UNITED NATIONS — The swift entry into force of a new international convention banning cluster bombs on Aug. 1 highlights "the world's collective revulsion at these abhorrent weapons," UN Secretary-General Ban Ki-moon said Friday.
Having the treaty become international law just over two years after its adoption also highlights "the power of collaboration among governments, civil society and the United Nations to change attitudes and policies on a threat faced by all humankind," he said in a statement.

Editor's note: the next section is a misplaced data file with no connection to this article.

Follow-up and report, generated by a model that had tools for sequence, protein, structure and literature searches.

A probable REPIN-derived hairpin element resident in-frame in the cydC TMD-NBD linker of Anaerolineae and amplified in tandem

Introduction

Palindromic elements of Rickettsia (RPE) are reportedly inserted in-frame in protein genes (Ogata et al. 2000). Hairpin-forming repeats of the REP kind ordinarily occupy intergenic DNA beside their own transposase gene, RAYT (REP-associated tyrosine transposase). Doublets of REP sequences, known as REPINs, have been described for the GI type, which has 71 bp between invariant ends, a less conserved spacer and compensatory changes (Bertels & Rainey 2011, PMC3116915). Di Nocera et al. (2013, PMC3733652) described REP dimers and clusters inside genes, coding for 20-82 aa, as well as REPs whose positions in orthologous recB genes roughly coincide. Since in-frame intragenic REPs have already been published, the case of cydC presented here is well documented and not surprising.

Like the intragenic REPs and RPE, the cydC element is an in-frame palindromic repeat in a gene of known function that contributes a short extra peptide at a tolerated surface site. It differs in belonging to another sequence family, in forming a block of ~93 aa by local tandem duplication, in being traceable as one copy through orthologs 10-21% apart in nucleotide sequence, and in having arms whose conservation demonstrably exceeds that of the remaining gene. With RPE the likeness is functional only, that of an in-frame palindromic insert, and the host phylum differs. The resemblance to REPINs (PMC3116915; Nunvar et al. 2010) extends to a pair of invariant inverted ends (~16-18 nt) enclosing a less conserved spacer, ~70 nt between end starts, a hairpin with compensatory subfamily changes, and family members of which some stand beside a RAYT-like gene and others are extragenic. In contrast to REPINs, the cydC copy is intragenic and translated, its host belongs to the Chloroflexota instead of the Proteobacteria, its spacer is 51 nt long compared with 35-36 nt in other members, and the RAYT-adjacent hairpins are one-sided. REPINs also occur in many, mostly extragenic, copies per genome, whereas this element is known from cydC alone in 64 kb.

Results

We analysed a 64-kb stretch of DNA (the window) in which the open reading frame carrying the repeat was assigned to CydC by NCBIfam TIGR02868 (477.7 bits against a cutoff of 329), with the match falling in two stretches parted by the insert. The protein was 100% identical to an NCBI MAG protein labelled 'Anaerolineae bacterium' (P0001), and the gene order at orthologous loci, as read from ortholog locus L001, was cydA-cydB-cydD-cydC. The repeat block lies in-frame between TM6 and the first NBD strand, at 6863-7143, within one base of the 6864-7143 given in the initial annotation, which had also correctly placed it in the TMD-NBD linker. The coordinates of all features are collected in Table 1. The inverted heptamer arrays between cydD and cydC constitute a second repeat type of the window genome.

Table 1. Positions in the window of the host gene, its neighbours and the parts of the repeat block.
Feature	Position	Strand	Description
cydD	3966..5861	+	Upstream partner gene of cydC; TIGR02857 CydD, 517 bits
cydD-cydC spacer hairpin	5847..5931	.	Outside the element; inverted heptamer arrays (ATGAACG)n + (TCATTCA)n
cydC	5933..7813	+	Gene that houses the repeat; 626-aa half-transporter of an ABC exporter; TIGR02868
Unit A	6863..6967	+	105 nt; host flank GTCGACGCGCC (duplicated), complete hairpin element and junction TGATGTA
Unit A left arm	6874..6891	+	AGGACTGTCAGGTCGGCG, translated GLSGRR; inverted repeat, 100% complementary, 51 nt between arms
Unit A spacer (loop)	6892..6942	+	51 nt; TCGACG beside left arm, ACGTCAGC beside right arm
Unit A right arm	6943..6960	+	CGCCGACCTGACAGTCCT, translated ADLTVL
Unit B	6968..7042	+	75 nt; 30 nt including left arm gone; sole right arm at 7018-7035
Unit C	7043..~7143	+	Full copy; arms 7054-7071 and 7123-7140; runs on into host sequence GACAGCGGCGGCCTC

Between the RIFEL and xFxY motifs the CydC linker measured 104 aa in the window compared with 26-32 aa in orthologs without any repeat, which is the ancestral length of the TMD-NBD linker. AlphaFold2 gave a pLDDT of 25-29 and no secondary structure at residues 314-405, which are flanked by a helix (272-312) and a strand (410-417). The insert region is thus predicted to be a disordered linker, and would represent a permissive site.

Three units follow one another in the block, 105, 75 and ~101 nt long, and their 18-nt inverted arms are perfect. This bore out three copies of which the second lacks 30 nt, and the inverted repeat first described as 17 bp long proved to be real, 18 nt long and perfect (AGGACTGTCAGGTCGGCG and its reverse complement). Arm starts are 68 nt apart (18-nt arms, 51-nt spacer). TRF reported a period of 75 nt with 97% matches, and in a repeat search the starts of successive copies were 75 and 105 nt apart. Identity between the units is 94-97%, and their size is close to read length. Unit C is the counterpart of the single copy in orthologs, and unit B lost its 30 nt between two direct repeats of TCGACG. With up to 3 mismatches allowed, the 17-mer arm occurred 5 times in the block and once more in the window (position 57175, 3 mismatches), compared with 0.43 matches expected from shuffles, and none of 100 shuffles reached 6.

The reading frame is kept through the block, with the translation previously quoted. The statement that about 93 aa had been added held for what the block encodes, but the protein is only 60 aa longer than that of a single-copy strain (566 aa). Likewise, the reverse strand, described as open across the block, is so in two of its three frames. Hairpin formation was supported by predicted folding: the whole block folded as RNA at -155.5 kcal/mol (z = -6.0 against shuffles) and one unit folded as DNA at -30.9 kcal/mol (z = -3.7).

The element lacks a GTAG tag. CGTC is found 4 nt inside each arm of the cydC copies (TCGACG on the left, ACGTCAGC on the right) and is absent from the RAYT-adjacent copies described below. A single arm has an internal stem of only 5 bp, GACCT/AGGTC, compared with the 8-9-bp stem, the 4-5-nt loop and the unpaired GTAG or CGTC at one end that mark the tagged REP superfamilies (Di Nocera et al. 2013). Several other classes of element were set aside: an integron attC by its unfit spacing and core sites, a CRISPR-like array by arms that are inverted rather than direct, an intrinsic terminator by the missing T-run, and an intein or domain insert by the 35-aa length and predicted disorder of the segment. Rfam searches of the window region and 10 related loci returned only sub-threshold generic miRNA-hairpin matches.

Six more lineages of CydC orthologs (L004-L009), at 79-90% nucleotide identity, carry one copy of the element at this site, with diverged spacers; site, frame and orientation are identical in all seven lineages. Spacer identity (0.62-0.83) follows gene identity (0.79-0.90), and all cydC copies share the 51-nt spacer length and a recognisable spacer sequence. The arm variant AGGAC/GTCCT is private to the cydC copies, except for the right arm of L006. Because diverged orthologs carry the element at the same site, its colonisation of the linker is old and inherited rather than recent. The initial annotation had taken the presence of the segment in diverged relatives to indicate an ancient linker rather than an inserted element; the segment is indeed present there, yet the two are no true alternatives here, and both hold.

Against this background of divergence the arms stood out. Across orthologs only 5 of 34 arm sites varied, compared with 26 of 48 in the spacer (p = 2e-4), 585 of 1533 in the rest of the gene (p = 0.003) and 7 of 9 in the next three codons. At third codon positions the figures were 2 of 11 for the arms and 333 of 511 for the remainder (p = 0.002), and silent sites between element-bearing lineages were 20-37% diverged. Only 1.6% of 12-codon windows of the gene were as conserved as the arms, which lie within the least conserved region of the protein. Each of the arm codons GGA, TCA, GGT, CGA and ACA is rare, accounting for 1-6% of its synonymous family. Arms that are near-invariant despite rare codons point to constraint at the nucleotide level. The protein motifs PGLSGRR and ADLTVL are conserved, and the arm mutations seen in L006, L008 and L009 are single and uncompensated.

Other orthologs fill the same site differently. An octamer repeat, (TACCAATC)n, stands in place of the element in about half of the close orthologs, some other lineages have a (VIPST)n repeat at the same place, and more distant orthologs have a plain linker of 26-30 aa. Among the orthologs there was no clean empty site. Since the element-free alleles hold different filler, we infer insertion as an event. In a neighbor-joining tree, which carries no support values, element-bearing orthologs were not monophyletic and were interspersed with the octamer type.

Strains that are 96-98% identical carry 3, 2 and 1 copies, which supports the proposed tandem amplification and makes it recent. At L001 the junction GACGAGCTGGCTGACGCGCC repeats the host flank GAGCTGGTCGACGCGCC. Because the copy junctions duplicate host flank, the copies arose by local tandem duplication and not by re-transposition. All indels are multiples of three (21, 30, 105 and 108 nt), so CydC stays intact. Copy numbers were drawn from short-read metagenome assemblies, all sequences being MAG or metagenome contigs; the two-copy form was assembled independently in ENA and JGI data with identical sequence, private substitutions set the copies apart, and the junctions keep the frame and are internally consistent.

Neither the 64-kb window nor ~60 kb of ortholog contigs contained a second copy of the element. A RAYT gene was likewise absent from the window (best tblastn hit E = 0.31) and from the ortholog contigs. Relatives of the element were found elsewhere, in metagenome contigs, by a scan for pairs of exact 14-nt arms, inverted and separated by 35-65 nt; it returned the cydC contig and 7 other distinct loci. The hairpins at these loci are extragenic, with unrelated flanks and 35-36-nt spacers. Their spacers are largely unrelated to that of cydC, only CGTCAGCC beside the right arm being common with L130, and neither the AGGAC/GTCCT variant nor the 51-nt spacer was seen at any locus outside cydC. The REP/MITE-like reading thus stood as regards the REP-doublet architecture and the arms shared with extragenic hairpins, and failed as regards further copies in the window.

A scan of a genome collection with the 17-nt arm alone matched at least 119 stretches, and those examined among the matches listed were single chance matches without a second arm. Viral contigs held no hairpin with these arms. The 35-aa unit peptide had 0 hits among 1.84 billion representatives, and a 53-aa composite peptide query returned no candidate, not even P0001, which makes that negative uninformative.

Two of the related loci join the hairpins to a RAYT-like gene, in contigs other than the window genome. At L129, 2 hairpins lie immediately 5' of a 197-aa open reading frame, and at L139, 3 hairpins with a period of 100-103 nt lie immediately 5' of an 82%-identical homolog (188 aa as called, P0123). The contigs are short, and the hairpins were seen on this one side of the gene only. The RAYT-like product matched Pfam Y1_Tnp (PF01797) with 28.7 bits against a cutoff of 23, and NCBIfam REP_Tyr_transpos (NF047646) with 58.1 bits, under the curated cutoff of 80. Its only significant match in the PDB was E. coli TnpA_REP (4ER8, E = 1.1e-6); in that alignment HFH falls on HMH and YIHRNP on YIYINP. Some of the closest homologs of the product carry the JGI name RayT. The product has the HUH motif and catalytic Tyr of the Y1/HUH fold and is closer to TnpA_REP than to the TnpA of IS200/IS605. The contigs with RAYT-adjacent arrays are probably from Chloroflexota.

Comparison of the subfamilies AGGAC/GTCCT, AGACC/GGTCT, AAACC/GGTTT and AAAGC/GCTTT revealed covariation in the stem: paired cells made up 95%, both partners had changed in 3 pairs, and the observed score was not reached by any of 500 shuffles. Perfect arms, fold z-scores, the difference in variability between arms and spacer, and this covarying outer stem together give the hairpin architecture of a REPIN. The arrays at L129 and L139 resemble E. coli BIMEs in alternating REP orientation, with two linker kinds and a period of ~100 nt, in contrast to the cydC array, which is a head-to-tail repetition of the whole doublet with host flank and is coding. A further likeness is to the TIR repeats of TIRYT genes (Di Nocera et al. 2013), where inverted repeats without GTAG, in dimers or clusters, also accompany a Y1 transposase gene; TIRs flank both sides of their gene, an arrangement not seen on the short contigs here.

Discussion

"Such cooperation will be crucial as we seek now to implement the convention, including through assistance to victims," the UN chief said.
Cluster bomblets are packed by the hundreds into artillery shells, bombs or missiles, which scatter them over vast areas. Some fail to explode immediately and can lie dormant for years until they are disturbed, often by children attracted by their small size and bright colors. A bomblet can kill or maim someone within 10 to 50 yards (meters).
The convention prohibits all use, stockpiling, production and transfer of cluster munitions, sets strict deadlines for the destruction of stockpiles and clearance of contaminated land, and obliges states to support survivors and affected communities.